When I visited this lovely bookshop a few weeks ago, the Hay Festival was kicking off. On the first weekend of the festival, the sun had come out and the streets of this little Welsh town were full of laughter and music. Hay-on-Wye Booksellers is perfectly situated on the High Street, right at the centre of the action, making it an indispensable part of the Hay-on-Wye experience.
Street musicians and market stalls filled the square outside this shop and tourists, grateful for a bit of good weather, bared their legs and arms lying on the grass in the shadow of the town’s medieval castle. The atmosphere was decidedly festive, celebratory even, and even those trying to read didn’t seem too annoyed to be distracted by the sounds of this traditional, Starbucks-free High Street.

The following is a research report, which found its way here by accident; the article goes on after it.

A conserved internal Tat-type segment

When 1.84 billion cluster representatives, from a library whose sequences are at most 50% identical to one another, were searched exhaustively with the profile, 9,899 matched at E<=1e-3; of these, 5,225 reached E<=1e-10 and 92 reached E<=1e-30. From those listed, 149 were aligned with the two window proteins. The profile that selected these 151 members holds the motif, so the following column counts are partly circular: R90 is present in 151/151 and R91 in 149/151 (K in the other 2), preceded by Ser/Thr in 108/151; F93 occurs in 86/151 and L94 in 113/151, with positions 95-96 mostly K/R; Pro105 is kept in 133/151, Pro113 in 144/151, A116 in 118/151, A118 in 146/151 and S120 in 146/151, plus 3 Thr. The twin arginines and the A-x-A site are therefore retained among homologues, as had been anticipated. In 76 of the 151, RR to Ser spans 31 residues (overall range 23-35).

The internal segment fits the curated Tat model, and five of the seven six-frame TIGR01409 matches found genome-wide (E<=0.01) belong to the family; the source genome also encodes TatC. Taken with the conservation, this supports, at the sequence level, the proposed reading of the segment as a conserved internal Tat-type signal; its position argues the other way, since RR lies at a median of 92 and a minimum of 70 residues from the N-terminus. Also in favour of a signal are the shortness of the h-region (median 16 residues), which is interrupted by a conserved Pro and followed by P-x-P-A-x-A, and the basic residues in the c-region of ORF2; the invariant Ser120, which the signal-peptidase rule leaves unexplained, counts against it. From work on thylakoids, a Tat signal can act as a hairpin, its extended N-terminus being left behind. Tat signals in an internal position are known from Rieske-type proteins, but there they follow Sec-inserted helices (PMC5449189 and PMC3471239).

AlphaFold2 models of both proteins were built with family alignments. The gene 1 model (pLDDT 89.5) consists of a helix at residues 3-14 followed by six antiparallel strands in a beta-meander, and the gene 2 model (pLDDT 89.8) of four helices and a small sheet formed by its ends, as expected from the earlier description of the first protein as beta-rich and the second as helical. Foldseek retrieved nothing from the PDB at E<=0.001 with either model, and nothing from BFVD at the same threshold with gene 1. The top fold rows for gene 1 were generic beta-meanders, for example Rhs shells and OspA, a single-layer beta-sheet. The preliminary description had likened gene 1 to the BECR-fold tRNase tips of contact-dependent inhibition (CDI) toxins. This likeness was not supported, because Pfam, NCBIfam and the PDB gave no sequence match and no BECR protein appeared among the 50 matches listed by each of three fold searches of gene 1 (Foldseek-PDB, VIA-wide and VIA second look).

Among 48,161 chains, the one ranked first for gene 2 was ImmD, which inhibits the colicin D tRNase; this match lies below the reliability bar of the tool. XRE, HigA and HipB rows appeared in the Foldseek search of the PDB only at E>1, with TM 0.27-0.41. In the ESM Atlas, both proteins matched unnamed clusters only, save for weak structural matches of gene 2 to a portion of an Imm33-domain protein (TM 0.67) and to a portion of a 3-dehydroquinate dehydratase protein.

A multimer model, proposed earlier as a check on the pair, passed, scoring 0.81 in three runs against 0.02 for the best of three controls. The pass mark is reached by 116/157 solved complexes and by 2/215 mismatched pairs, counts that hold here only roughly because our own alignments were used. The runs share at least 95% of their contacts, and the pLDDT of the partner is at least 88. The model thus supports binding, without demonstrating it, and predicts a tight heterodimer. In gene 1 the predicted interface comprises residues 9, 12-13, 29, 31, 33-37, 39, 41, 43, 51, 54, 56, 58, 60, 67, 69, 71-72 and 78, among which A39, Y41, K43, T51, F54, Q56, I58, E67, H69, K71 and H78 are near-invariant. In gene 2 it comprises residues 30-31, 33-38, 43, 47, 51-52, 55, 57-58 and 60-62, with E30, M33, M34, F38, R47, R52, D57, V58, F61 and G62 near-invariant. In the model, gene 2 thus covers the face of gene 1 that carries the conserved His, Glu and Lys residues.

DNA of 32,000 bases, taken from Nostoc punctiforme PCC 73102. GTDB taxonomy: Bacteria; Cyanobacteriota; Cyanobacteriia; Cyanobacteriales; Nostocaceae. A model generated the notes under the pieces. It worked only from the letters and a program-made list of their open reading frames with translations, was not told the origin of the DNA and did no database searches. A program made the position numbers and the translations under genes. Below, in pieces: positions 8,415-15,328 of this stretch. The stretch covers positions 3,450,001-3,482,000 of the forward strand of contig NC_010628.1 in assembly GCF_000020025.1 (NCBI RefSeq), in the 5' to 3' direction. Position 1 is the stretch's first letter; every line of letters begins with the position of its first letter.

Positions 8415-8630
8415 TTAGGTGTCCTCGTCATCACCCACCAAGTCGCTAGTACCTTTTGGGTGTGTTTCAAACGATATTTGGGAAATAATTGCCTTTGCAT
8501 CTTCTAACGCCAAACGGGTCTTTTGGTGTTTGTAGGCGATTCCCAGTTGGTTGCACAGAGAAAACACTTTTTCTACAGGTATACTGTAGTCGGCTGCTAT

Inside, the sunlight filtered in through the shop’s wide front windows, bringing the jovial atmosphere but only a tiny bit of the noise with it. It was perfect. The two front rooms on the ground floor are filled with classic and contemporary fiction in hardcovers, cheap paperbacks and old antiquarian tomes. You’ll also see shelf upon shelf of poetry and children’s books, which include obscure, rare and out of print titles that you’ve never heard of as well as the favourites. Standing in the centre of the floor is a tower filled of secondhand Penguin paperback editions of classics, which are the staple of any good used bookshop and are usually quite cheap. The shelf, a stand-alone cube in the middle of the floor, is a perfect symbol for what it is that I love most about bookshops; as you explore one side of it, you never know what interesting new book or person might be waiting for you on the other side. As you move further back , you find brilliant history and politics selections as well as books about culture, art and music. Although I love every book, based on the sheer virtue of its being a bound collection of white paper with black type, I am biased to novels and poetry, so I sometimes tend to skim over other sections. But the other sections here at Hay-on-Wye Booksellers remind you of how much you might miss by doing that, with selected titles prominently displayed with their covers out, enticing readers with promises of distant times and far-off places, or careful and considered analysis of the not-so-distant. The more I do learn from non-fiction (when I can get my nose out of an escapist novel and pay attention to the real world, that is) the more I’m able to see the bigger pictures behind the well-known little stories that we tell ourselves. Reading the stories of nations and populations as well as of individual lives can explain and illuminate a single event. I have found this particularly when reading Middle Eastern literature in a post-9/11 world. Whether it’s Peter Tomsen’s epic non-fiction work The Wars of Afghanistan or Kamila Shamsie’s novel Burnt Shadows, reading about the world instead of just swallowing media sensationalism gives more depth and breadth to our understanding of the world around us, proving once again, how reading makes us better people.